Incontinence refers to uncontrollable urine, gas or fecal leakage and can be very embarrassing. Incontinence can be related to weak levator ani muscles, pelvic floor laxity, urethra sphincter instability, hypersensitivity of the detrussor muscle, trigger points in the pelvic floor muscles, excess pressure from above the pelvic organs, respiratory problems that cause repeated over-exertion, or neurological disorders.
There are different types of incontinence:
- stress urinary incontinence occurs when you sneeze, laugh, cough or exercise
- urge urinary incontinence occurs when you have an urge to void but can’t get to a toilet in time
- bladder urgency is an overactive or hypersensitive bladder and sends excess messages to the brain that there’s a need to urinate
- mixed incontinence consists of a combination of the above
- fecal incontinence is loss of gas, liquid or a solid stool
- bladder retention is when a person has a delay in voiding
- nocturnia is when you have to urinate one or more times per night
- neurogenic bladder is an overactive or underactive bladder in someone with neurological deficits (ie., multiple sclerosis, Parkinson’s disease, etc.).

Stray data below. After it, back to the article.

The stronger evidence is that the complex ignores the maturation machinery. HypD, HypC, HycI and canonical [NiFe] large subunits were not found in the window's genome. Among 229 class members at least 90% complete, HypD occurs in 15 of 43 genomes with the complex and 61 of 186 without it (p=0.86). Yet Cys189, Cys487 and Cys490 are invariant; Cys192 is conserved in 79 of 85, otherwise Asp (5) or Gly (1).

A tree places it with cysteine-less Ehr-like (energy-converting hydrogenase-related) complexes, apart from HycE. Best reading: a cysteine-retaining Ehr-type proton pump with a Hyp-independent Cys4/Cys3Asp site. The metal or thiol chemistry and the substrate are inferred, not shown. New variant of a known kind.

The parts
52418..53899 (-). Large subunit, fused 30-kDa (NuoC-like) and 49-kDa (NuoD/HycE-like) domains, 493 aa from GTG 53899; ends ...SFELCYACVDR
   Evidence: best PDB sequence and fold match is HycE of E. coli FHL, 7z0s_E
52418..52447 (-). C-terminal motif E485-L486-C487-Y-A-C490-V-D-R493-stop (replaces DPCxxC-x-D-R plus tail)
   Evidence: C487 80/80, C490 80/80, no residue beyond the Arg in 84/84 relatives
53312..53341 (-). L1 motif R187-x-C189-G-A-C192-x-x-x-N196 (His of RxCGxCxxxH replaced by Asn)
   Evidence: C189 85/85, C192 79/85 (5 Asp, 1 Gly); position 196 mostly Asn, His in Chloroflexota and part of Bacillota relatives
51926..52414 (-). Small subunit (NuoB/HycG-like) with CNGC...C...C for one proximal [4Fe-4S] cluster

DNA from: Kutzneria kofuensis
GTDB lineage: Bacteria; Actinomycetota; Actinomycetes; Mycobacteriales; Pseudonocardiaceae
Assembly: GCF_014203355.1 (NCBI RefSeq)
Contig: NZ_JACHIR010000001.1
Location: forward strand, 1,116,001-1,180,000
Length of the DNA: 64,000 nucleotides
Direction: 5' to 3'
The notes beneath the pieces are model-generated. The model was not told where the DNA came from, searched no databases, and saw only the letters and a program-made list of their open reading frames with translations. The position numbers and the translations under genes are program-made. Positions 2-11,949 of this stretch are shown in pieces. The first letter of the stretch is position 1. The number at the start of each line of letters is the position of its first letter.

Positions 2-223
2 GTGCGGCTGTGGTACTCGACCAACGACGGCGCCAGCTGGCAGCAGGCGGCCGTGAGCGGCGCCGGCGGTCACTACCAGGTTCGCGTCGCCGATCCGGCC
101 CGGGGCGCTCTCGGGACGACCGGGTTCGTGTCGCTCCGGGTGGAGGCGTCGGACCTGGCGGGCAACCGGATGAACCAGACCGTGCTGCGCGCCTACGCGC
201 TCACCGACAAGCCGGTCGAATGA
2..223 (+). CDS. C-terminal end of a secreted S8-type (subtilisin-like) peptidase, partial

Contributing factors for incontinence are constipation, pelvic surgeries, pelvic pain, aging, trauma, childbirth, and pelvic organ prolapse. Co-occurring factors that are considered include obesity, chronic cough, diabetes, repetitive lifting, abdominal bloating, high impact exercises, decreased urethral striated muscle, decreased estrogen, and neurological dysfunction.
Pelvic organ prolapse is another condition where the pelvic organs drop in the vagina and may protrude out of the vagina. Each sub-condition refers to a different organ: cystocele, rectocele, uterine, enterocele, and urethracele. Normally this is due to a weak pelvic floor muscle and may be indirectly related to abdominal bloating, respiratory diagnoses, nerve damage, constipation, repetitive lifting, obesity, or past surgical procedures.
Physical therapy can assist in resolving the problem if the prolapse has not gone beyond the vaginal opening. Your physical therapist will determine what is causing your incontinence or pelvic organ prolapse and determine a treatment plan to remediate the problem. You will learn how to perform exercises at the level right for you, which you can use at home. In addition, your therapist may use manual therapy, electrical stimulation, functional activities, behavioral modification, neuromuscular re-education, posture and gait training, and a home program.